The New ASP.NET
Between the open sourcing of .NET and other performance enhancements, Hunter is enthusiastic about the state of the .NET framework right now. “As a .NET person, I can’t imagine a better time to be part of .NET,” he says. “Everything we’re doing now is open source. All .NET Core is open source. And the performance of .NET, 40 percent did not come from our team. It came from the open source community. I think it’s really cool we’re getting those kinds of contributions.”
He began by clarifying its new name, considering the move to open source. “We actually renamed ASP.NET 5 to ASP.NET Core,” he says, “but we’ll stick with the title for now.”
Hunter touched on several major themes during his talk. The cross platform compatibility, performance and speed, and the move to open source are certainly some of the most important aspects of the current state of .NET. “Obviously cross platform is a big thing,” he says. “For the first time ever for any device anywhere, there’s a .NET for it. You can leverage your .NET skills across all those platforms. And it’s fast, we’re in the top five; and the move to open source.”
The new ability to make a seamless transition from running apps on-premises to running them in the cloud is another factor. “One big thing is being able to transition an ASP.NET app from on-premises to the cloud, and not having to change lot of code,” he says. “We don’t want anyone to have any reason to not use .NET.”
Another forthcoming introduction will be .NET Standard. “This has a much bigger surface area,” says Hunter. “It will let you build class libraries of code to share across Xamarin, share across the desktop, and across .NET Core. The hope is to let you leverage your skills across all those platforms as you want to.”
Hunter then spent some time demonstrating what he was discussing. He worked through the step-by-step process of putting together a Web app using Visual Studio and ASP.NET Core (formerly ASP.NET 5). After walking the enthusiastic crowd through each step, Hunter concluded his demo dramatically. “So there’s ASP.NET running off a memory stick, built on a PC, running on a Mac. You can move back and forth between platforms super easy.”
Visit the VSLive! website for more details on upcoming events.
Posted by Lafe Low on 03/15/20160 comments
Everyone learns a bit differently. As a ski instructor, I was always told people learn by doing, learn by watching, or learn by thinking—doers, watchers, and thinkers. And while everyone has a dominant learning style (I am most definitely a doer), everyone also is some combination of all three.
When you’re attending sessions at Visual Studio Live!, you hear presentations and see the demos. If you like what you see, but wish you could carry some of that along when you get back to your office and back to coding on your own, fear not. Several of the Visual Studio Live! presenters, with whom you’re undoubtedly familiar, also have several leading .NET books to their credit.
.NET Test Automation Recipes: A Problem-Solution Approach by James McCaffrey
Dr. McCaffrey is a veteran and venerable presenter, and his latest title is just what you need if you develop, test, or manage .NET software. McCaffrey’s book provides practical techniques to help you write test automation software in .NET, as well as API testing, interface automation, and testing SQL stored procedures.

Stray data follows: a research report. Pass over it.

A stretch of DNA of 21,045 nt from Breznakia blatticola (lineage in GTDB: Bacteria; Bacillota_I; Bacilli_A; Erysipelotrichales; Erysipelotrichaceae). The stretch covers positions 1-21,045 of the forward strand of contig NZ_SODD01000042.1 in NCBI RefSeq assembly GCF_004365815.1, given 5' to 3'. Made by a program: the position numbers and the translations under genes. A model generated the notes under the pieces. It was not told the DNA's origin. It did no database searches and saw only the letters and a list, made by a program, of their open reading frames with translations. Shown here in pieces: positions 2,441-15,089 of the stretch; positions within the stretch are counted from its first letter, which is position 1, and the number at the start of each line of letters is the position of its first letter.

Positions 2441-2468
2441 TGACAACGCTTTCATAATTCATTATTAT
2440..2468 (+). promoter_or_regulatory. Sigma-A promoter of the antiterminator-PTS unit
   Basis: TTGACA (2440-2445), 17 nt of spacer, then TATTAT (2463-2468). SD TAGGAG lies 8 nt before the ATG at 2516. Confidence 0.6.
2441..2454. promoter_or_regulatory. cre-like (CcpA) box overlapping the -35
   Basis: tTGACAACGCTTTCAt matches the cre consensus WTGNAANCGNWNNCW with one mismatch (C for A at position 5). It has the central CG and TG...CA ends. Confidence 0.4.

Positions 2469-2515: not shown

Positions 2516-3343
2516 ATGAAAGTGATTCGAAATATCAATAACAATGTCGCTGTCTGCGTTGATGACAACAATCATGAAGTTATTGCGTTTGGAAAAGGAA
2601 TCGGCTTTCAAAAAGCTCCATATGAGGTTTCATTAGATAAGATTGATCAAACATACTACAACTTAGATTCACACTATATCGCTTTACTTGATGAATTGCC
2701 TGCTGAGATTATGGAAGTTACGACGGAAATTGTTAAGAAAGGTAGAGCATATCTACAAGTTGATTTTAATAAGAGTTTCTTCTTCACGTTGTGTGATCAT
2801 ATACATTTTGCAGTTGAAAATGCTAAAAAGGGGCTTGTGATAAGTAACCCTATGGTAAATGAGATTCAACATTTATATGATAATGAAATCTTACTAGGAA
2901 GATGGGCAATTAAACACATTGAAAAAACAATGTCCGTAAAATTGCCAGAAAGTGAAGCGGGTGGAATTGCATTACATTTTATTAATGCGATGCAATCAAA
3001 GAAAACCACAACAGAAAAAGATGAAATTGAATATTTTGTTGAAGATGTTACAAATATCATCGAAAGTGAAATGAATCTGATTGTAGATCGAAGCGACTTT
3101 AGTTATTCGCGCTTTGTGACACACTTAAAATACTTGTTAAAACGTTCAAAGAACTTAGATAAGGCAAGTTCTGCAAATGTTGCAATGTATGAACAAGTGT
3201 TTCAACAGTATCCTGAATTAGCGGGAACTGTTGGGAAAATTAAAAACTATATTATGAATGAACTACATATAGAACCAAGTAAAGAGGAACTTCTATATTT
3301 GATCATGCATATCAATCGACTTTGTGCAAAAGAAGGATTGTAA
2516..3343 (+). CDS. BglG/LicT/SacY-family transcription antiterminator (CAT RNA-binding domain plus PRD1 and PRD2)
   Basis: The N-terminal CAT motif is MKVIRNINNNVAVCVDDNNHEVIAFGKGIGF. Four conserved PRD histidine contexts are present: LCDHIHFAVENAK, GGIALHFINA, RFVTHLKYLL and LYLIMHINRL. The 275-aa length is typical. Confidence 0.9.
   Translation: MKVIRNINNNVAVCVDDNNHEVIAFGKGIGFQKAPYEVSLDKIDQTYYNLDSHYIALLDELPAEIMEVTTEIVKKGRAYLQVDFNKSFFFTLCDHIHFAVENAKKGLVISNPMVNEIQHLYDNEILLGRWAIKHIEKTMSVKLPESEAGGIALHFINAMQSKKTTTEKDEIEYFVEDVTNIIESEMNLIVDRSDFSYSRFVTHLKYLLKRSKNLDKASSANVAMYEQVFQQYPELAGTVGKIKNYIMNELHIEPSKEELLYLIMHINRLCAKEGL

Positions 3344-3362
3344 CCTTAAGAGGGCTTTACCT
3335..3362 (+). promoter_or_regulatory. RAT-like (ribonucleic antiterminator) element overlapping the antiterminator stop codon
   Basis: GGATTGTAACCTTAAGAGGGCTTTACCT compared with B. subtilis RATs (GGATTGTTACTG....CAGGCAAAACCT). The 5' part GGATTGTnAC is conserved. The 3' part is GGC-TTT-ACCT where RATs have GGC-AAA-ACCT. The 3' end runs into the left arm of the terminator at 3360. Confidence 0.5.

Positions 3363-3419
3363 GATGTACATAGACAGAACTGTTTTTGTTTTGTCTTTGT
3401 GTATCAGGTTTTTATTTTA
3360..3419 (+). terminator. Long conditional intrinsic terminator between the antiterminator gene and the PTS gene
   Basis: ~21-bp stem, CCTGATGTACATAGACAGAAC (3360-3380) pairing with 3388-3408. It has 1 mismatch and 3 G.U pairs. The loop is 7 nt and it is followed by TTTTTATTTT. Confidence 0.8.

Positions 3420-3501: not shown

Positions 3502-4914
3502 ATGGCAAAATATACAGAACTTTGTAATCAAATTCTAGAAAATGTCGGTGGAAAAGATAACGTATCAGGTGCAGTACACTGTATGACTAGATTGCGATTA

All the examples presented in the book have been fully tested, so you can rest assured you’re not being led astray. After reading this intermediate level book, you’ll have a good handle on writing production-quality combination and permutation methods. James has several other books on software testing and C# coding as well, including Software Testing: Fundamental Principles and Essential Knowledge, Neural Networks Using C# Succinctly, and Machine Learning Using C# Succinctly.
Professional Visual Basic 2012 and .NET 4.5 Programming by Billy Hollis
Billy Hollis is a popular presenter, and fortunately he writes like he speaks—lively and engaging.
This extensive text starts off with a quick introduction to some Visual Basic 2012 and .NET 4.5 basics. It also dives into more advanced topics, including data access with ADO.NET, ASP.NET web programming with Visual Basic, Windows workflow, security, and threading. The book also covers .NET and Visual Basic features such as LINQ, WCF, exception handling, and debugging. Billy’s co-authors on Professional Visual Basic 2012 and .NET 4.5 Programming include Bill Sheldon, Rob Windsor, David McCarter, Gastón C. Hillar, and Todd Herman.
Metaprogramming in .NET by Jason Bock
This book introduces the concept of metaprogramming, getting right into core concepts like code generation and application composition. It also takes a deep dive into tools and techniques you’ll need to implement those concepts into your .NET applications. Metaprogramming in .NET. includes:
- metaprogramming concepts in plain language
- creating scriptable software
- code generation techniques
- the Dynamic Language Runtime
You should be at least comfortable with C# and the .NET framework to get the most out of this book. You don’t need any experience with metaprogramming. Jason’s coauthor for Metaprogramming in .NET is Kevin Hazzard. The book features another name you’ll likely recognize. The foreword is written by Rockford Lhotka, a Visual Studio Live! Conference Co-Chair and Jason’s boss at Magenic.
Stay tuned for more posts on books written by our talented group of expert speakers!
Posted by Lafe Low on 03/04/20160 comments